Julia: These dynamics also influence the demands on nonprofits. If you’re looking at human service organizations, the need is not going to go away in six months, even if everyone is vaccinated. That rebuilding is going to take some time, and that’s why I am watching the donor pipeline for the future.
What are your top recommendations for nonprofits in 2021?
Peter: Continue to be bold about your case: how you are addressing important needs in the community and providing a valuable service.
For organizations receiving an influx of first-time gifts, acknowledge and try to retain these donors to build a pipeline of supporters. For all organizations, recognize that donors with invested assets have the ability to give and ask them to continue to increase their support.
There are so many fundamentals that I urge organizations to focus on: case for support, donor recognition and retention, and relationship building with major gift prospects and major gift donors.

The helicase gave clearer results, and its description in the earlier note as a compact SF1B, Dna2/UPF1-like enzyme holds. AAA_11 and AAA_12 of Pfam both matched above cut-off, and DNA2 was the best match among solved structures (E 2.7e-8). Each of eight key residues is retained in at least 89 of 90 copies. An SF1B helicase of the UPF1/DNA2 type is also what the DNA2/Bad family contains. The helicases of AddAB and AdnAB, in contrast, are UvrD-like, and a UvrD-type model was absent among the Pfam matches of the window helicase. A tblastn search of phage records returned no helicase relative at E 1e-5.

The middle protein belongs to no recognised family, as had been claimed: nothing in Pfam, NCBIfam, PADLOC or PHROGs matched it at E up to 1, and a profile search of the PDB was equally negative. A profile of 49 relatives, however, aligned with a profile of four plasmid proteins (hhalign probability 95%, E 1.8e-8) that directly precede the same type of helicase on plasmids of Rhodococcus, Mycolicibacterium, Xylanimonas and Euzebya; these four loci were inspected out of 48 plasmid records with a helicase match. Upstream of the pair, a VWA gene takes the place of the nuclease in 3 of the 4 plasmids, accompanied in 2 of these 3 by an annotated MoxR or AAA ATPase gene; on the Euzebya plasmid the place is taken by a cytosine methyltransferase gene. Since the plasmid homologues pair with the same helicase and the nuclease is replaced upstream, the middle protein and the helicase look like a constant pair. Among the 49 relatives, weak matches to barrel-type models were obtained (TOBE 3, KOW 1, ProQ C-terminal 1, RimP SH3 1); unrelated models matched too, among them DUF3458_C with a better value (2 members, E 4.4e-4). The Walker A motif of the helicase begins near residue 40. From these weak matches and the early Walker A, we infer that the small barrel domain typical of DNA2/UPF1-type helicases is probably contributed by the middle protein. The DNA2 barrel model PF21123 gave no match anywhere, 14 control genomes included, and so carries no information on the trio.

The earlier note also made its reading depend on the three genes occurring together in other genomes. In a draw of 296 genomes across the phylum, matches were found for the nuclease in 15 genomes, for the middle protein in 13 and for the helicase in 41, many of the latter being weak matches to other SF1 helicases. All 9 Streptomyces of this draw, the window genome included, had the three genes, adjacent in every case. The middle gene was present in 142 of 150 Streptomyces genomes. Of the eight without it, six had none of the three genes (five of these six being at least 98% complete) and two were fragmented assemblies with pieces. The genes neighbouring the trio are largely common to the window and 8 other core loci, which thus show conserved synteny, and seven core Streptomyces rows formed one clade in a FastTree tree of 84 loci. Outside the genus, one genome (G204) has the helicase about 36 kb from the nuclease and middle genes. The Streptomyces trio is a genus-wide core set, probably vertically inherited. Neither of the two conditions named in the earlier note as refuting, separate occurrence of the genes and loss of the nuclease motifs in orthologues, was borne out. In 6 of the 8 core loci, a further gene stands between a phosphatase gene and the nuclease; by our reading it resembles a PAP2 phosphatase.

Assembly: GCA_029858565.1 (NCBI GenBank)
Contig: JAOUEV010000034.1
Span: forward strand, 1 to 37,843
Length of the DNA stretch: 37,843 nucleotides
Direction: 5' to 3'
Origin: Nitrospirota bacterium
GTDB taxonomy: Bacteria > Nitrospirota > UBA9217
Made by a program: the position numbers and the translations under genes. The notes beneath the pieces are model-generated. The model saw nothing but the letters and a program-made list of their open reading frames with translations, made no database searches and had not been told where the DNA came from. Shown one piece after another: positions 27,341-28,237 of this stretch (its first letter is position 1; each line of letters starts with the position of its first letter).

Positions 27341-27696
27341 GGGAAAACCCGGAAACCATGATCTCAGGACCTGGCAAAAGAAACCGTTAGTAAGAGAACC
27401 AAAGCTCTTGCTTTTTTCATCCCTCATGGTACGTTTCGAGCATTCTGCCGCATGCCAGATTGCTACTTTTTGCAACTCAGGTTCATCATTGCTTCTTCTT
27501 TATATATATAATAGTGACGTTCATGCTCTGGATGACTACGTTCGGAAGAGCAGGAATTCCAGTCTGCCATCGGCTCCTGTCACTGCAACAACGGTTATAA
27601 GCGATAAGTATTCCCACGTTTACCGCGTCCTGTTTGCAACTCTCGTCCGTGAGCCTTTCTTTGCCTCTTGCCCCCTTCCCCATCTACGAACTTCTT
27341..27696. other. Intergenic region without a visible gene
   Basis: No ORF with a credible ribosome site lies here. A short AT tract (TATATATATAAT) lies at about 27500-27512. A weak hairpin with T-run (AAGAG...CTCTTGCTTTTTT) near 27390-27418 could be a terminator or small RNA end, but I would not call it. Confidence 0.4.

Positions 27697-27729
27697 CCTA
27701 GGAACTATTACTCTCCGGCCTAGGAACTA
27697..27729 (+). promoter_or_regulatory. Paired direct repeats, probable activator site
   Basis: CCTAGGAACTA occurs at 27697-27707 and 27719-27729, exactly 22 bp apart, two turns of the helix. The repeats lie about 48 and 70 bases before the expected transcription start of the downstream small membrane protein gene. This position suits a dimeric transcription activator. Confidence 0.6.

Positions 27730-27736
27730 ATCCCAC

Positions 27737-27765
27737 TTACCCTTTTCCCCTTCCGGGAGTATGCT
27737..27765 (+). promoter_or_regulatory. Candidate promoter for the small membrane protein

Julia: To build on that, I would say absolutely continue to embrace technology. Don’t think that this was just a temporary bridge to get us back to normal. In fact, build on all the pieces of your work that this process has accelerated, from the use of technology to engage stakeholders to the increased emphasis on racial equity.
Traditionally, the nonprofit world is not known for being quick on its feet, but we were very responsive in 2020.
Kate: To close us out, we have a responsibility to show the rest of the world what it looks like to make a place at the table—or even give up your seat at the table—so it can be occupied by a leader of color. Better yet, leaders of color.
In 2021, I encourage nonprofit organizations to show people what it looks like to diversify their staff and board, what it looks like to engage the community in an inclusive way, and what it looks like to promote equity.